The Hot Zone
China's newly announced air defense identification zone over the East China Sea aims to shore up national security
Current Issue
· Table of Contents
· Editor's Desk
· Previous Issues
· Subscribe to Mag
Subscribe Now >>
Expert's View
Market Watch
North American Report
Government Documents
Expat's Eye
Photo Gallery
Reader's Service
Learning with
'Beijing Review'
E-mail us
RSS Feeds
PDF Edition
Reader's Letters
Make Beijing Review your homepage
Hot Links

cheap eyeglasses
Market Avenue

Economic Forecast for 2011
Special> 2010 in Retrospect> Economic Forecast for 2011
UPDATED: January 7, 2011
Wang Jianmao:
Annual consumer price index (CPI) growth will top 3 percent


Wang Jianmao, Professor of Economics at the China Europe International Business School 

"The current CPI growth rate target of 3 percent will be difficult to rein in over the next few years," said Wang Jianmao, Professor of Economics at the China Europe International Business School. Loose domestic monetary policies have resulted in excessive liquidity, causing prices to increase over the previous year. Government investment will edge out private investment in several areas, according to Wang.

The home prices saw an average increase of 23.5 percent in 2009, which will definitely push up the rents. The impending property taxes may curb the upward spiral of property prices to some extent, but would add momentum to the sharp rent rises.

New reforms targeting the prices of labor and capital will also occur in 2011, causing these previously underpriced resources to increase in cost.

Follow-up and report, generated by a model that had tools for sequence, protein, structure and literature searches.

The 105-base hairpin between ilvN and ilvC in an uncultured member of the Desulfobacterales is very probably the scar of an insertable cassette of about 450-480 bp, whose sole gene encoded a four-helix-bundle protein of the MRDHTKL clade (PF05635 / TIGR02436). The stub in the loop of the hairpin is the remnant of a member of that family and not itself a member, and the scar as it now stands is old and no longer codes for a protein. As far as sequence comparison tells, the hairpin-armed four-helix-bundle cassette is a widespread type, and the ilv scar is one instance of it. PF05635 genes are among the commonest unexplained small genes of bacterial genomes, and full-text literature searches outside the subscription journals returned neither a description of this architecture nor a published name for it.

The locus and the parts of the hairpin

Internationally, the exchange rate of the renminbi (RMB) against the U.S. dollar will keep rising as dollar depreciates. The best bet for U.S. monetary policy makers is to make the dollar depreciate while maintaining its dominant position. The United States might use its quantitative easing monetary policy to force other countries to appreciate their currencies.

China's economic growth is set to slow down in 2011, while other developing countries will maintain high growth rates. Wang believes that these other countries will see economic breakthroughs similar to that seen by China in recent years, which will lead to a rise in energy prices, further pushing up China's CPI.

Top Story
-Protecting Ocean Rights
-Partners in Defense
-Fighting HIV+'s Stigma
-HIV: Privacy VS. Protection
-Setting the Tone
Most Popular
About BEIJINGREVIEW | About beijingreview.com | Rss Feeds | Contact us | Advertising | Subscribe & Service | Make Beijing Review your homepage
Copyright Beijing Review All right reserved